Shed Insulation for Hot and Cold Weather


I have a friend living in Berlin at the moment – an Aussie boy used to living in a house, with a large kitted out shed out the back.  Work has taken him across the sea and he has only good things to say about Berlin.

For starters, its costs less than half the price to live in Berlin than Sydney.  Rent, food, transport is cheaper.  The roads are rarely choked as berlin has an excellent public transport system, and network of cycle ways.  The city is busy, with seemingly always some event or festival on.  He is missing Aussie sport, but apparently caught Australia(losing) in the Davis Cup, Danieal Geale(winning) in a boxing match and goes to see high class football(the kicking on the ground variety) every month or so.

Summers are mild, winters are….. bloody cold.

He’s even got a shed! Now inner city Berlin has few houses, but scattered amongst the apartment buildings are blocks of sheds.  OK, so it’s not necessarily connects to your house… but its likely to be a wooden charmer perhaps even with heating.

My friend’s is not so lucky with his shed though.  No heating.  It is however, well insulated from the cold so a small heater can warm it up in a few minutes. In Australia, he had the opposite problem.  A hot shed.  No shade.  Hot climate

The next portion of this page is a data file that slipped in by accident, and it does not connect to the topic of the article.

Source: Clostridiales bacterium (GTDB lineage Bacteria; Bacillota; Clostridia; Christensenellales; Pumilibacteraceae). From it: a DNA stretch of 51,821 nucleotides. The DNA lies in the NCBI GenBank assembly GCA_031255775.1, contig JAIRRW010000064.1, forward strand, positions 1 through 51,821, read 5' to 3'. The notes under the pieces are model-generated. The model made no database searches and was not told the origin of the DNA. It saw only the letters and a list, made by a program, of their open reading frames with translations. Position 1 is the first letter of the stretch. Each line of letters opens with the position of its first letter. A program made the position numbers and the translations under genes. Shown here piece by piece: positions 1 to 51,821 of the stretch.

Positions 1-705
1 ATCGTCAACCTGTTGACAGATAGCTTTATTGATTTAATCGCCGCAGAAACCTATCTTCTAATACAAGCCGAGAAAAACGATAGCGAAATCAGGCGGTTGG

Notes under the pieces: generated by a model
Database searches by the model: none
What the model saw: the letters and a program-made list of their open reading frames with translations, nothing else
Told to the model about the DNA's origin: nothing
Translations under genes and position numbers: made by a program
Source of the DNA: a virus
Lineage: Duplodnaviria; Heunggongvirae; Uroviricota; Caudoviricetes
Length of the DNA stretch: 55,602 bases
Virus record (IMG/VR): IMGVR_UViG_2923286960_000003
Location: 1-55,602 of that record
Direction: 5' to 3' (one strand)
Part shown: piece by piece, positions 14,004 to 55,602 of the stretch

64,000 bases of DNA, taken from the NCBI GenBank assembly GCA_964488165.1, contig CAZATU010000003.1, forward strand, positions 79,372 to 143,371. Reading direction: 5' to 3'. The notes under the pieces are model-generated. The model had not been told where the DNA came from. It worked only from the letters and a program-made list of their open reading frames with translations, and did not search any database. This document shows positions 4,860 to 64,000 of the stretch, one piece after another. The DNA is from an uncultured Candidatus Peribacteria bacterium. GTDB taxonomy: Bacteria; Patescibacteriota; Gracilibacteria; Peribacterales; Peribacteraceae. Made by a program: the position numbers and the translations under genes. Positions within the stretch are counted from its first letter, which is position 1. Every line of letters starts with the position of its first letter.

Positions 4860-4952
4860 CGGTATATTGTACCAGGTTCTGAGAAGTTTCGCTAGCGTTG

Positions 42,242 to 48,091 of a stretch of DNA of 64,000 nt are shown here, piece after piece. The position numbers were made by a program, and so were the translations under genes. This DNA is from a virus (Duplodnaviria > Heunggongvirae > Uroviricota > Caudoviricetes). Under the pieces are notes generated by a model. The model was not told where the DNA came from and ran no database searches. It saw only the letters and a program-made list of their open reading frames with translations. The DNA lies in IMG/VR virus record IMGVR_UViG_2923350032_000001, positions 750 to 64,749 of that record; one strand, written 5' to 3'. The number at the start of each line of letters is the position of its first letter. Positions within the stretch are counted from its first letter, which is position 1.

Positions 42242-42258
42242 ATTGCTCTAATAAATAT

This is how he sorted it out.

  • He added a false ceiling, on put insulation in it, and insulated the walls.  Insulation not only keeps heat in, it keeps heat out.

  • He wanted to go with air conditioning, but in the end couldn’t justify the expense, so he put a mister on the roof.  Works like this.  Mists the roof, the water evaporates, taking away heat, cooling down the roof.

  • He added a temperature controlled fan. When the temperature of the shed gets over 32 degrees, a ceiling fan comes on, sucking out the hot air.  This stops things cooking inside the shed, even when he’s not around to open a window.  His shed was also the home brewery…. so reducing heat was critical!

What Else?

 

  • He made his own solar panels and added them to the roof(its surprisingly easy apparently and much cheaper than buying them.  They are not powerful enough to run his tools of course, but they handle the lighting and the ceiling fan no problem.

  • He had some drainage problems, so he dug a trench around his shed and filled it with small pebbles.  Now when it rains, the water runs along this trench away from his shed instead of pooling and flooding it.

I’m still waiting to hear how he customizes his Berlin Shed.  I was thinking a German Beer home brewery but apparently no point – beer in Germany is cheaper than water.  He mentioned something about making a working model helicopter…..

Hope that heater works, he’s going to be shed bound for some time.,


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